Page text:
Legal Notice This book has been very carefully prepared, but no responsibility is taken for the correctness of the information it contains. Neither the author nor publisher can assume liability for any damages or injuries resulting from information contained in this book.
Youth Soccer Session Plansand Methodology for U4-U8
Meyer & Meyer Sport
British Library Cataloguing in Publication Data
A catalogue record for this book is available from the British Library
Maidenhead: Meyer & Meyer Sport (UK) Ltd.,
All rights reserved, especially the right to copy and distribute, including the translation rights. No part of this work may be reproduced—including by photocopy, microfilm or any other means— processed, stored electronically, copied or distributed in any form whatsoever without the written permission of the publisher.
© 2014 by Meyer & Meyer Sport (UK) Ltd.
Aachen, Auckland, Beirut, Budapest, Cairo, Cape Town, Dubai, Hägendorf, Indianapolis, Singapore, Sydney, Tehran, Wien
Member of the World Sport Publishers’ Association (WSPA)
E-Mail: [email protected]
2 Coaching Approach for USA and Europe
3 Child Psychology
4 Philosophy of Skill Development
5 Why and How to Create a Youth Session Plan
6 Skill Breakdown: The Foundation for the Sessions
7 8-Week Useable Program With a How-To Guide
a. Pirate Ship Adventure
b. Birthday Party
c. Operation Take Down T-Rex
d. Knights of the Round Table
e. Driving School
f. Funky Chicken Island Adventure
g. Alien Invasion
h. Under the Sea Adventure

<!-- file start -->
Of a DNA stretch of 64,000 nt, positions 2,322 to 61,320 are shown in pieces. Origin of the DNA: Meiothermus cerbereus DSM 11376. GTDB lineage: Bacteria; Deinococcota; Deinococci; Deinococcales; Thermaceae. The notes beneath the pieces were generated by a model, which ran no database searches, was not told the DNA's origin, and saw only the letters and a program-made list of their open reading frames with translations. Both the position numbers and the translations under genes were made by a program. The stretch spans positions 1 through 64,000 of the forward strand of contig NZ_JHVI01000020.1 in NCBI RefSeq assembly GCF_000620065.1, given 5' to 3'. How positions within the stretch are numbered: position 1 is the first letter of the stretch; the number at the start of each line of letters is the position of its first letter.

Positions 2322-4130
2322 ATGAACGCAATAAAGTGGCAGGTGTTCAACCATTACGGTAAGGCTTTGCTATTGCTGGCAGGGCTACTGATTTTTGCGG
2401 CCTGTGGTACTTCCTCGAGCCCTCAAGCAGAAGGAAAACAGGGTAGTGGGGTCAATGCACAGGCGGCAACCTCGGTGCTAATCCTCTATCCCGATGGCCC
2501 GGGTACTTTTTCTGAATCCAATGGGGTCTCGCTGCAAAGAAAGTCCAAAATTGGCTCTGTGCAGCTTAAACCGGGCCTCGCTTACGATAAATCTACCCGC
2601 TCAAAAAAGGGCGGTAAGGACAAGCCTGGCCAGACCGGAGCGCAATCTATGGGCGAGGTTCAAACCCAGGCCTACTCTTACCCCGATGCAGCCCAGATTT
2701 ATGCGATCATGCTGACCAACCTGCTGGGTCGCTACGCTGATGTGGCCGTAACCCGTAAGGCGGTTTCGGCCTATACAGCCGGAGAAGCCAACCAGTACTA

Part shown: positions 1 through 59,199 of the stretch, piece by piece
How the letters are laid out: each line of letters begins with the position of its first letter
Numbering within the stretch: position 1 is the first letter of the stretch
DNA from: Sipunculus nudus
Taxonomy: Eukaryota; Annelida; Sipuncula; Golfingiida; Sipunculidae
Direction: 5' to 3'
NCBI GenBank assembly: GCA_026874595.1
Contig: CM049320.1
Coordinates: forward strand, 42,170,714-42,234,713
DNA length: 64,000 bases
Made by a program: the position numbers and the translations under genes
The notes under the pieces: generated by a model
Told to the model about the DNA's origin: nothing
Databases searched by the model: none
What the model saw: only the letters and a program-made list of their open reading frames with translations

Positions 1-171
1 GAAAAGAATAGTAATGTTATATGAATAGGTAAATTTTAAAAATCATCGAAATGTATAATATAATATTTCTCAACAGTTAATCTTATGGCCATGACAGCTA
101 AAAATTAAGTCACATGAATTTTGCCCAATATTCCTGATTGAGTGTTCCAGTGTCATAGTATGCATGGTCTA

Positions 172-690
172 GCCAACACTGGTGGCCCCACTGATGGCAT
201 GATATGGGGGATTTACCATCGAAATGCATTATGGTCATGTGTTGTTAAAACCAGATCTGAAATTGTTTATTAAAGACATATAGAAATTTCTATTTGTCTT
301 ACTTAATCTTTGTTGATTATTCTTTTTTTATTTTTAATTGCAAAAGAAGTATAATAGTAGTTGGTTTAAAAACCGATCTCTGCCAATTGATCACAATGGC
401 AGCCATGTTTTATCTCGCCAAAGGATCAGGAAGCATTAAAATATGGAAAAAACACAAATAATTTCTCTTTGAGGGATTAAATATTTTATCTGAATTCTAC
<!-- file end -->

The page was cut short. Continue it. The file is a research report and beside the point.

8 Creating Coachable Players: Converting the Session into the Game
9 Conclusion of Development
Welcome one and all to the easiest and most efficient guide to youth soccer. If you are looking for the complete guide to developing your players at the highest rate, but you are concerned that this may be a difficult task, then you are in the right place. This easy, concise guide is the CliffsNotes guide to making creative and fun sessions which take your soccer players from amateur to professional in seconds. (Disclaimer: this book does not guarantee players will become professional, especially in seconds.) The main hope for this book is that you have a great time with your players as you teach the beautiful game of soccer, rather than the misconception that one can only be done in lieu of the other.
For most of us, the thought of coaching a young team is as daunting as a parent going through childbirth as the “what am I doing here“ and “what am I supposed to do“ questions are ringing in your ears. You are to take on the challenge of being a youth soccer coach, but do not fear and fret no more. Coaches, it’s time to put on your combats and strap on that helmet. Let’s go to work!